A Snapshot in Time - 1930s Signature Quilt

Ruby's Signature Quilt ca. 1931 
Photo courtesy of Katherine N.
I am so excited to share with you some of the fabrics from this fabulous 1931 signature quilt owned by my long-time best friend Katherine. The quilt originally belonged to her grandmother, Ruby, who was from Kansas, where the quilt was made. The quilt was made for Ruby's 16th birthday, possibly her graduation, and includes embroidered signatures of brothers, sisters, parents, school teachers, and friends of Ruby. It's a wonderful piece of family history for Katherine's family.

What I love about this quilt, besides all the cool, embroidered signatures, are the fabric prints - which are what I wanted to showcase. What a great snapshot of fabric from the time! When I want to learn about the fashions of a particular time period, I think the hardest part is wrapping your head around what was in style for the types of fabric and prints, and understanding the ebb and flow of fashion through the decades. It's hard keeping it all straight! I am so happy Katherine agreed to let me share these wonderful fabrics from her heirloom quilt.

I think there are about 45 different fabrics used in the quilt, and I show most of them down below except for a few gingham checks which are pretty basic and still around today. You'll see I used a penny on each fabric to give a good sense of the size of the prints.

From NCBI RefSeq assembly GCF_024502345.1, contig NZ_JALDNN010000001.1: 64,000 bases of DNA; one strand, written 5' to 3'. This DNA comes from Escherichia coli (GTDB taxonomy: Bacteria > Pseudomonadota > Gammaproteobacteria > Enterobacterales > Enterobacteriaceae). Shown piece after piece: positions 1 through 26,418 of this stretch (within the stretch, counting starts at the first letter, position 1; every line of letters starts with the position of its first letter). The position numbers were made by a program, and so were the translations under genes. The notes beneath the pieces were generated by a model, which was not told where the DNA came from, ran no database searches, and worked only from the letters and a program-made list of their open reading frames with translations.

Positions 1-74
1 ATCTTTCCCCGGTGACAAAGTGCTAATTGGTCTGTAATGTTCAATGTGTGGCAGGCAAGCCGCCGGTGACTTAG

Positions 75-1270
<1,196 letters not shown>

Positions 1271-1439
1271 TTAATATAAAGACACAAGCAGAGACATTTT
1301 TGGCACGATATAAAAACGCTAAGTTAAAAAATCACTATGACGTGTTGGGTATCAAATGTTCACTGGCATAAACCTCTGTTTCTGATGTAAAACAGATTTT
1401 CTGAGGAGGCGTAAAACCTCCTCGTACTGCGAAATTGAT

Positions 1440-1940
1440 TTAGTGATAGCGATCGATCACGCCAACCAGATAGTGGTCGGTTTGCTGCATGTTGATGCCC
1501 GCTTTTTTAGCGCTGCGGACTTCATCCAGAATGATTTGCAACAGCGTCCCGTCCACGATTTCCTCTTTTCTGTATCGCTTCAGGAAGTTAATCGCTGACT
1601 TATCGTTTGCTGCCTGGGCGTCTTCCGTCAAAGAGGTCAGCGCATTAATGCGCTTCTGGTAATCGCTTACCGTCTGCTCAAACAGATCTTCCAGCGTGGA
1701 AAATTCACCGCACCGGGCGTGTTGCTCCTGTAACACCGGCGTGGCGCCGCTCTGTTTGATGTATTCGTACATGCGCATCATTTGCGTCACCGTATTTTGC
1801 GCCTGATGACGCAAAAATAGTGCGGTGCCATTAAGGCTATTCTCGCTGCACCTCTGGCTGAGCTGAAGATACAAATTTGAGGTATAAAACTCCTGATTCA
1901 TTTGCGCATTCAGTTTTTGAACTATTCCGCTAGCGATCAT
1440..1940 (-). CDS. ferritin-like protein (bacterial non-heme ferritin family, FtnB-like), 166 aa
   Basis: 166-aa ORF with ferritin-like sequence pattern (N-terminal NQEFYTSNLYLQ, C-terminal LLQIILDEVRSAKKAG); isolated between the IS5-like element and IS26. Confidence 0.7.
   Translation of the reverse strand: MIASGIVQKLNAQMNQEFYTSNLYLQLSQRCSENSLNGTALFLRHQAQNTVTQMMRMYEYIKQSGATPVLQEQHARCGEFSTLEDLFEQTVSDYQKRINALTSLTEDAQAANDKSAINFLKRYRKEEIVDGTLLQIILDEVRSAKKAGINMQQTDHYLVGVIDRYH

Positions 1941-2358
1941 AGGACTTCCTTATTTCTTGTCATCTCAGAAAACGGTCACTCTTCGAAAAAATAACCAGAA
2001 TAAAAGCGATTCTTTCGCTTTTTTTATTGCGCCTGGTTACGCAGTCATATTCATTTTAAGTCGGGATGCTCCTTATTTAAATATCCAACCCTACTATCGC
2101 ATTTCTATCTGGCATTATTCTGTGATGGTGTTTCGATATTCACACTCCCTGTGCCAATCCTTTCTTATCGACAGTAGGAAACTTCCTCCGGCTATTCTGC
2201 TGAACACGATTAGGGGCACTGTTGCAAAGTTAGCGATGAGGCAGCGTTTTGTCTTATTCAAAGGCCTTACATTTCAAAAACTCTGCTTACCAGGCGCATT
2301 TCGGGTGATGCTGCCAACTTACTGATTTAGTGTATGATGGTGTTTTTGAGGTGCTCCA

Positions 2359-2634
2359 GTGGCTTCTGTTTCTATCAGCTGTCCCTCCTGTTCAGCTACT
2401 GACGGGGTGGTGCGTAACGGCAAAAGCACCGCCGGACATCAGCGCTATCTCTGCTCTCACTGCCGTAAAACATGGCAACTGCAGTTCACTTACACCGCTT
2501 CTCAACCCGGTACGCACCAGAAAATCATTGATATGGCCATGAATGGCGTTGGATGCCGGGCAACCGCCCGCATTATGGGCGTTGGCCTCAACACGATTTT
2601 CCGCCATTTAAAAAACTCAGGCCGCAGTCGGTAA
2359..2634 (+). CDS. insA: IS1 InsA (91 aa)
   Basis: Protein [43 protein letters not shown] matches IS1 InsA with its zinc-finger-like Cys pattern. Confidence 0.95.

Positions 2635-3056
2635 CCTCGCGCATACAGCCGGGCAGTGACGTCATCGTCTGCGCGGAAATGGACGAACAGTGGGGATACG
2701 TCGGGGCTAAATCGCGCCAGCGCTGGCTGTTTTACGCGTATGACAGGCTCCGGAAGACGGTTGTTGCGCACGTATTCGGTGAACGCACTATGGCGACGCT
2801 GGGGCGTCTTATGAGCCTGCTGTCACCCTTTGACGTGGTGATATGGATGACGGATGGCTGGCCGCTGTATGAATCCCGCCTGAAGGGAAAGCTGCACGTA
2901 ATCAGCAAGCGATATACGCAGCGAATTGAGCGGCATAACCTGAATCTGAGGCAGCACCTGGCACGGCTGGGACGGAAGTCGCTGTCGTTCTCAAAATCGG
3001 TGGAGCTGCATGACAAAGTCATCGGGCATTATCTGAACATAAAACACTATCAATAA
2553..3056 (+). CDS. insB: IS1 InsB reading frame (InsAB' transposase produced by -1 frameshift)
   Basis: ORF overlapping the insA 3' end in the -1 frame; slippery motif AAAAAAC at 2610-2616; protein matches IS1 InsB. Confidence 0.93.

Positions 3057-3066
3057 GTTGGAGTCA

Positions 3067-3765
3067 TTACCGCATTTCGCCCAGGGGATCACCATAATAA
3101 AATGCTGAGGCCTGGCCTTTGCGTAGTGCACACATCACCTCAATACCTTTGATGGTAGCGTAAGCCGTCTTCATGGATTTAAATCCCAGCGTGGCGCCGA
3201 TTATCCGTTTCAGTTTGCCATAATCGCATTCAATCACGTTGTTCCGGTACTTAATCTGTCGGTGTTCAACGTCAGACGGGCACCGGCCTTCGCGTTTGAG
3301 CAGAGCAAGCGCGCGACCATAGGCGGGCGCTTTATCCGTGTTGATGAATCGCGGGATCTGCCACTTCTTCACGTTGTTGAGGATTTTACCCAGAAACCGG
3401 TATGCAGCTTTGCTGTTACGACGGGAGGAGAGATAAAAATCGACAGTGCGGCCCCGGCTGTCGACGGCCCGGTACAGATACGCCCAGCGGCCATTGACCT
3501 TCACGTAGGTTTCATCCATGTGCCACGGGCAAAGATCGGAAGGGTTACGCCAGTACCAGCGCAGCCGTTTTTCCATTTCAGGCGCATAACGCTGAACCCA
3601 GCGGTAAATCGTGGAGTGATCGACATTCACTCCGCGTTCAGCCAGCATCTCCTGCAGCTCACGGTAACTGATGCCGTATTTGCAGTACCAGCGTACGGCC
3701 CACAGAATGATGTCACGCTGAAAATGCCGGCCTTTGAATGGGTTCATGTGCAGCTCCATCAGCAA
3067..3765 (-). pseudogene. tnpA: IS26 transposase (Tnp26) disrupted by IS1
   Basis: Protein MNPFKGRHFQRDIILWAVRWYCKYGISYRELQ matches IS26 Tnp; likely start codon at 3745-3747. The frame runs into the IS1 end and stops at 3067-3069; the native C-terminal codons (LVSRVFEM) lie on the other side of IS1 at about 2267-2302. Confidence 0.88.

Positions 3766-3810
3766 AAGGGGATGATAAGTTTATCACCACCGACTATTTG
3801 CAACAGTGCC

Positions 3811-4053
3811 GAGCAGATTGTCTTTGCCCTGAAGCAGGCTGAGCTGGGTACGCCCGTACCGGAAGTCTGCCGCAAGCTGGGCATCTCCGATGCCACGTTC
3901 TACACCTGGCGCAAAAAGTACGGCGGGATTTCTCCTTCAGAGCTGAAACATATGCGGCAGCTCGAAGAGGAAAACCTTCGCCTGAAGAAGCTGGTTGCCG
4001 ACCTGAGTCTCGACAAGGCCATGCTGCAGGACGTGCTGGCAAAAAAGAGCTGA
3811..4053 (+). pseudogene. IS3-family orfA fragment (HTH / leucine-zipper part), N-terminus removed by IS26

This yellow, green, and red one is my absolute favorite!



Aren't these amazing? There are so many delicious prints. From these examples here, we can see that the late 1920s to early 1930s cotton prints were characterized by small sized prints, florals, geometric designs, foreground shapes with different textured backgrounds, and a softer color palette. Red is about the brightest color, and many of these are earth tones. Collectively, these are a great way to study what was popular at the time.

Quilts & fabrics in general are a great way to preserve history. I talked with an owner of a lovely antique mall in Ellicott City, Maryland, who told me of her mother's quilt that she made at the start of WWII. For every new thing that happened in the war she made a new square, so the whole quilt is a fabric documentation of the war! Isn't that fabulous! I would love to be able to see it.

I hope you enjoyed this snapshot in time for 1930s cotton prints. A big thanks to Katherine for her willingness to share her incredible heirloom quilt!


  1. I was sure I'd posted a comment! This quilt is amazing. I love the close-up pictures of those fabulous prints. What a treasure!


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